Canadian Forest Service Publications

Ten-year tree mortality following a jack pine budworm outbreak in Saskatchewan. 1998. Volney, W.J.A. Canadian Journal of Forest Research 28(12): 1784-1793.

Year: 1998

Available from: Northern Forestry Centre

Catalog ID: 18792

Language: English

CFS Availability: Order paper copy (free), PDF (request by e-mail)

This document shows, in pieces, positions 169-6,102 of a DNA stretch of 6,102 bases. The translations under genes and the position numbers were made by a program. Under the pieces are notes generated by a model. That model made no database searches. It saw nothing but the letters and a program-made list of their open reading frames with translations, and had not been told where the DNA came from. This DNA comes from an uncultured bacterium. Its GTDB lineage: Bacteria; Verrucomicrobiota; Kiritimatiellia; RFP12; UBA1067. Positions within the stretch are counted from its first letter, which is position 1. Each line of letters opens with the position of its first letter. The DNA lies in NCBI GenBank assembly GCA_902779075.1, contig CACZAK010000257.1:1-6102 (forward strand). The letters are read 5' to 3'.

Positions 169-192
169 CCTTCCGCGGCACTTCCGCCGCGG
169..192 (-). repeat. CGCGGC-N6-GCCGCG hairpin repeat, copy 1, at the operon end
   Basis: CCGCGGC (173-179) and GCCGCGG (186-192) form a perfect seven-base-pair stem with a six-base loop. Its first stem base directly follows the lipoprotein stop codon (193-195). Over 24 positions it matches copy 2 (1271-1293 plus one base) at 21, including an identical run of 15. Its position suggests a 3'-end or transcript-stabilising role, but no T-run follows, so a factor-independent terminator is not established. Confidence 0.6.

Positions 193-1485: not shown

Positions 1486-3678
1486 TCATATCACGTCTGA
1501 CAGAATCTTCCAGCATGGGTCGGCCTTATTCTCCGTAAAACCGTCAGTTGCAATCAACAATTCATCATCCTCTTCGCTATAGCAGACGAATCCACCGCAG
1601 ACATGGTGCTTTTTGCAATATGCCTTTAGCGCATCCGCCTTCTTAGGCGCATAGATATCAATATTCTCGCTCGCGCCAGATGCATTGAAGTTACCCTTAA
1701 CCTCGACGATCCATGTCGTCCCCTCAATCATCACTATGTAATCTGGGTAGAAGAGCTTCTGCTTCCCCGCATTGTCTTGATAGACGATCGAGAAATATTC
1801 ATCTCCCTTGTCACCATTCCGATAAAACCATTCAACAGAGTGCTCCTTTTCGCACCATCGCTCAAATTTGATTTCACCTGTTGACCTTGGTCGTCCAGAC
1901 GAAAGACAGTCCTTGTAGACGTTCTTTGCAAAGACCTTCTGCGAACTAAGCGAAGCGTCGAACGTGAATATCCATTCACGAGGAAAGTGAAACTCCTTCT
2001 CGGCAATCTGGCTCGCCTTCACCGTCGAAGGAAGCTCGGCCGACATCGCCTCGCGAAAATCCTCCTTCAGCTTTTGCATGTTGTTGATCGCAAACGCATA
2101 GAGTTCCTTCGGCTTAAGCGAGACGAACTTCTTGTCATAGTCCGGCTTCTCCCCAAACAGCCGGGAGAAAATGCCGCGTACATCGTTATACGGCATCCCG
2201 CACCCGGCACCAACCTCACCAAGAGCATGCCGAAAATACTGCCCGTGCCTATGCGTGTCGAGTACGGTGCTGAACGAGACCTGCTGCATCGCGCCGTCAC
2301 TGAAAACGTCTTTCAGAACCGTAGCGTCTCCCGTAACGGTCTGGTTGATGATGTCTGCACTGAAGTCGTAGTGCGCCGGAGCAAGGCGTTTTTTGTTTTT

The fate of jack pine (Pinus banksiana Lamb.) trees growing in a variety of stand conditions was assessed annually for a decade following an outbreak of jack pine budworm (Choristoneura pinus Freeman) in central Saskatchewan. Mortality was clearly associated with the severity and damage sustained by the trees during the second year of the defoliation episode. The pattern of mortality was remarkably similar among stands that originated in decades that spanned 60 years. Mortality rates were highest in stands that originated in the 1890s and were lowest in stands of the most recent origin (1940s). Defoliation severity, the length of dead top, diameter at breast height, and relative tree height expressed as a standard normal variable accounted for 94% of the variability in survival time. A nonparametric proportional hazards model was developed to evaluate the relative risk of individual trees dying. Defoliation is an important process in determining stand density, basal area, and volume after juvenile stand development is complete. The results presented suggest a novel method to determine the hazard of trees in stands and thus assess the vulnerability of stands to future budworm attack.



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